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Why William Daniels Quit Boy Meets World…Then Came Back

Boy Meets World ran for 7 seasons from 1993 to 2000. As far as sitcoms go, it was fairly standard fare but what made the series so memorable was its stellar cast of characters. There was Cory, Topanga, Shawn, and Eric, and who could forget everyone’s favorite teacher and mentor Mr. Feeny – played by the one and only William Daniels?

When Daniels accepted the role of the beloved middle school teacher, he was already a celebrated thespian and veteran of the big and small screen. He had already won two Emmy-awards for the time he spent portraying Dr. Mark Craig on St. Elsewhere and he had starred in some noteworthy films such as The Graduate in 1967 and 1776 in 1972. Knight Rider Fans might remember Daniels as the voice of KITT, the artificially intelligent, self-aware, and indestructible smart car.

Even though Daniels is now 93 years old, the Brooklyn-native still manages to take on the occasional acting role. In 2012, he portrayed Dr. Craig Thomas on 5 episodes of Grey’s Anatomy. From 2014 to 2017 he reprised his role as Mr. Feeny in the Boy Meets World reboot series Girl Meets World.

In 2020, he guest-starred in HBO Max’s romantic action comedy film Superintelligence – once again playing the voice of KITT the car.

Mr. Feeny will probably stand the test of time as Daniel’s most memorable character but you might be surprised to find out that he almost never played the iconic character. We’ll touch on that in just a second but make sure you keep watching to find out all about William Daniel’s life and career He was more than just a High School teacher. – far from it in fact.

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Daniels Quit Boy Meets World After The First Rehearsal

With Daniel’s respectable portfolio of high-profile works, signing on to a family sitcom for ABC’s Friday night programming block TGIF might have appeared to outside observers to be an unexpected career move. When Daniels played Dr. Mark Craig on St. Elsewhere, his acid-tongued character was never the kind of individual that young people might seek counsel from. Daniels saw the Mr. Feeny character as something initially foreign to him.

Daniels was also pretty dissatisfied with the way teachers were portrayed on most TV shows. At a cast and crew meeting with Michael Jacobs, the shows writer and executive producer, Daniels told him that he refused to play a High School teacher if he were to be made to look foolish just for some kind of ‘cheap laugh’ as he put it.

Daniels wrote in his autobiography There I Go Again in 2017 that he has always had a tremendous amount of respect for teachers – whom he sees as being some of the most underpaid and underappreciated people in our society. He wasn’t about to portray one on TV as some kind of bumbling fool.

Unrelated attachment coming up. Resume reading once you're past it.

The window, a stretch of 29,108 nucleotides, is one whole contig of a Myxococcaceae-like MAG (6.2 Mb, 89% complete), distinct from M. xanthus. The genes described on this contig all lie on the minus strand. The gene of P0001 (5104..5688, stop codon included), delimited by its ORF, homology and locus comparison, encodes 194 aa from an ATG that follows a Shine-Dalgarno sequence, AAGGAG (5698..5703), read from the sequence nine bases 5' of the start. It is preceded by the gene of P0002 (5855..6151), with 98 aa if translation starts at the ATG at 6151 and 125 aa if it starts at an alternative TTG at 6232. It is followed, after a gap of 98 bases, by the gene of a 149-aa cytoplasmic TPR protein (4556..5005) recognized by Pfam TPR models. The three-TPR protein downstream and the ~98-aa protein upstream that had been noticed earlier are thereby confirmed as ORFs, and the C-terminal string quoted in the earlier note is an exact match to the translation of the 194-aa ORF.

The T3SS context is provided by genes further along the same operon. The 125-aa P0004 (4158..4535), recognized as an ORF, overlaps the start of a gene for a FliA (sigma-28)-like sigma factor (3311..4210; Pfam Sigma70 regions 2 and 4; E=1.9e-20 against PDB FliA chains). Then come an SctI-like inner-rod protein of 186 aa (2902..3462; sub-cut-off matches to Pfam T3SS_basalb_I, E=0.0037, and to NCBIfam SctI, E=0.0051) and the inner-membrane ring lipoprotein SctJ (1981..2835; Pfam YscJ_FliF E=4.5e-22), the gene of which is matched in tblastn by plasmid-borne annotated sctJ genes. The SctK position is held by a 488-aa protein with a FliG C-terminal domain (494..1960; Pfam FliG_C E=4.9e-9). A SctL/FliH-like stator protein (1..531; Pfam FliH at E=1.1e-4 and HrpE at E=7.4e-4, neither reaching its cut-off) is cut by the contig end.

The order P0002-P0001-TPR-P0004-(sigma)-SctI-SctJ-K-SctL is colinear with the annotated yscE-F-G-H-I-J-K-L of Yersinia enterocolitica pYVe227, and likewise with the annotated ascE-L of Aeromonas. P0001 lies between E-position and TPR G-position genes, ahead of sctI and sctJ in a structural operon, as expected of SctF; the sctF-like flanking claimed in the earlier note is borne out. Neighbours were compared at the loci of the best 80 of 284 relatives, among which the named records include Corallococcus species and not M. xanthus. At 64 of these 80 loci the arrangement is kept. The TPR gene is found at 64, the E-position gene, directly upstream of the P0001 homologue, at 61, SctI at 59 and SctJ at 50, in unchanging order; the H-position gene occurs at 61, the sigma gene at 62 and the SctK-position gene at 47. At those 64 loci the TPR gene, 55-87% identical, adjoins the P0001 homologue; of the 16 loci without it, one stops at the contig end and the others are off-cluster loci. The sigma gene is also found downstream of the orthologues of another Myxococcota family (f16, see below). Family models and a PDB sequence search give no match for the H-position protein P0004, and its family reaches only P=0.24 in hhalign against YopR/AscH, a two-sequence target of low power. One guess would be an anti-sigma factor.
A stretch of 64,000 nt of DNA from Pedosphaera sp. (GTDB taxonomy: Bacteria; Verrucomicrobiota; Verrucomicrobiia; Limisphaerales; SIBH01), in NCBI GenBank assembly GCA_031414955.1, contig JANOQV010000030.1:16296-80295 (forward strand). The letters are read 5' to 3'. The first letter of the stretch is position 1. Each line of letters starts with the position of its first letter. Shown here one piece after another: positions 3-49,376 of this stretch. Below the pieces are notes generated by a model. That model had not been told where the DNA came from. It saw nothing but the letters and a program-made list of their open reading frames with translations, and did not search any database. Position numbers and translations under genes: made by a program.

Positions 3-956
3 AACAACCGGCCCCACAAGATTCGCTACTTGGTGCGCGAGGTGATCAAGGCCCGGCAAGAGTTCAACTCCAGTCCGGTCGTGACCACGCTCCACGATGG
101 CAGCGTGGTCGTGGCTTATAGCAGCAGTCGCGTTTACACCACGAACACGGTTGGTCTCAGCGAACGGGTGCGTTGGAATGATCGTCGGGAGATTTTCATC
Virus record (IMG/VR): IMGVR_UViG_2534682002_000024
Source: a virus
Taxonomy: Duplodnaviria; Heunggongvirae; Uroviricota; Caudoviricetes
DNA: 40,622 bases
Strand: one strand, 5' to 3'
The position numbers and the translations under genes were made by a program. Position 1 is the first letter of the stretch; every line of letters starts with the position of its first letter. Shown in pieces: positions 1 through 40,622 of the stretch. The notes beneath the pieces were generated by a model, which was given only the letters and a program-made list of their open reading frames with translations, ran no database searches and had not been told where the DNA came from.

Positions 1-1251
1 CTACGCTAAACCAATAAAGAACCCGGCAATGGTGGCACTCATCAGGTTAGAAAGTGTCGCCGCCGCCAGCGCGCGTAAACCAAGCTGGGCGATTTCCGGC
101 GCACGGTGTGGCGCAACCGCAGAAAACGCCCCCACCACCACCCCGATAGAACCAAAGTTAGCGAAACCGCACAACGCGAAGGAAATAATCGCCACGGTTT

Fortunately, Jacobs never intended on Mr. Feeny as being some kind of buffoon. He actually based the character on his high school drama teacher whom he had a great deal of respect and admiration for. Regardless, Daniels was initially dissatisfied with how Mr. Feeny was portrayed in the script at the first table reading that he attended and promptly quit

Jacobs Agreed To Rework The Role With Daniel’s Guidance

Michael Jacobs recognized that Daniel’s was crucial for his new series. He wasn’t about to just let him go so easily. As Daniels was exiting the table read, Jacobs got up and told him to give him another chance. He informed him that he would revise the script and have a new version available to him by the following morning. If he still wanted to quit then, then so be it, but all he wanted was one last opportunity to keep Daniel’s on board.

Lo and behold, Jacobs go to work and had a new script available to Daniels the very next day – just as he and promised. Daniels gave it a read and found it to his liking and decided to stick with the show. Michael Jacobs loved what Daniels brought to the table. Sure his credentials were already impressive, but the ‘prickly rectitude and fatherly concern’, as Jacobs put it, that Daniels delivered onscreen was absolutely irresistible to viewers

All Daniel’s wanted was for Mr. Feeny to be written with a level of respect. He wanted teachers and academics to be presented in a positive light and that was one request that Michael Jacobs and the production team of Boy Meets World were more than happy to accommodate.

Daniels reflected in his autobiography how whenever an actor signs on to do a play, film, or television show that there always a bit of uncertainty about how the audience will react to it. He went on to express gratitude for the fact that the show was met with such a positive response by viewers and critics. It warms his heart when he hears people still talk about Boy Meets World and Mr. Feeny in a positive light to this day.

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And keep watching to find out what Daniel’s favorite scene was in all of Boy Meets World’s seven seasons. Spoiler alert: It’s a heart heart-tugger.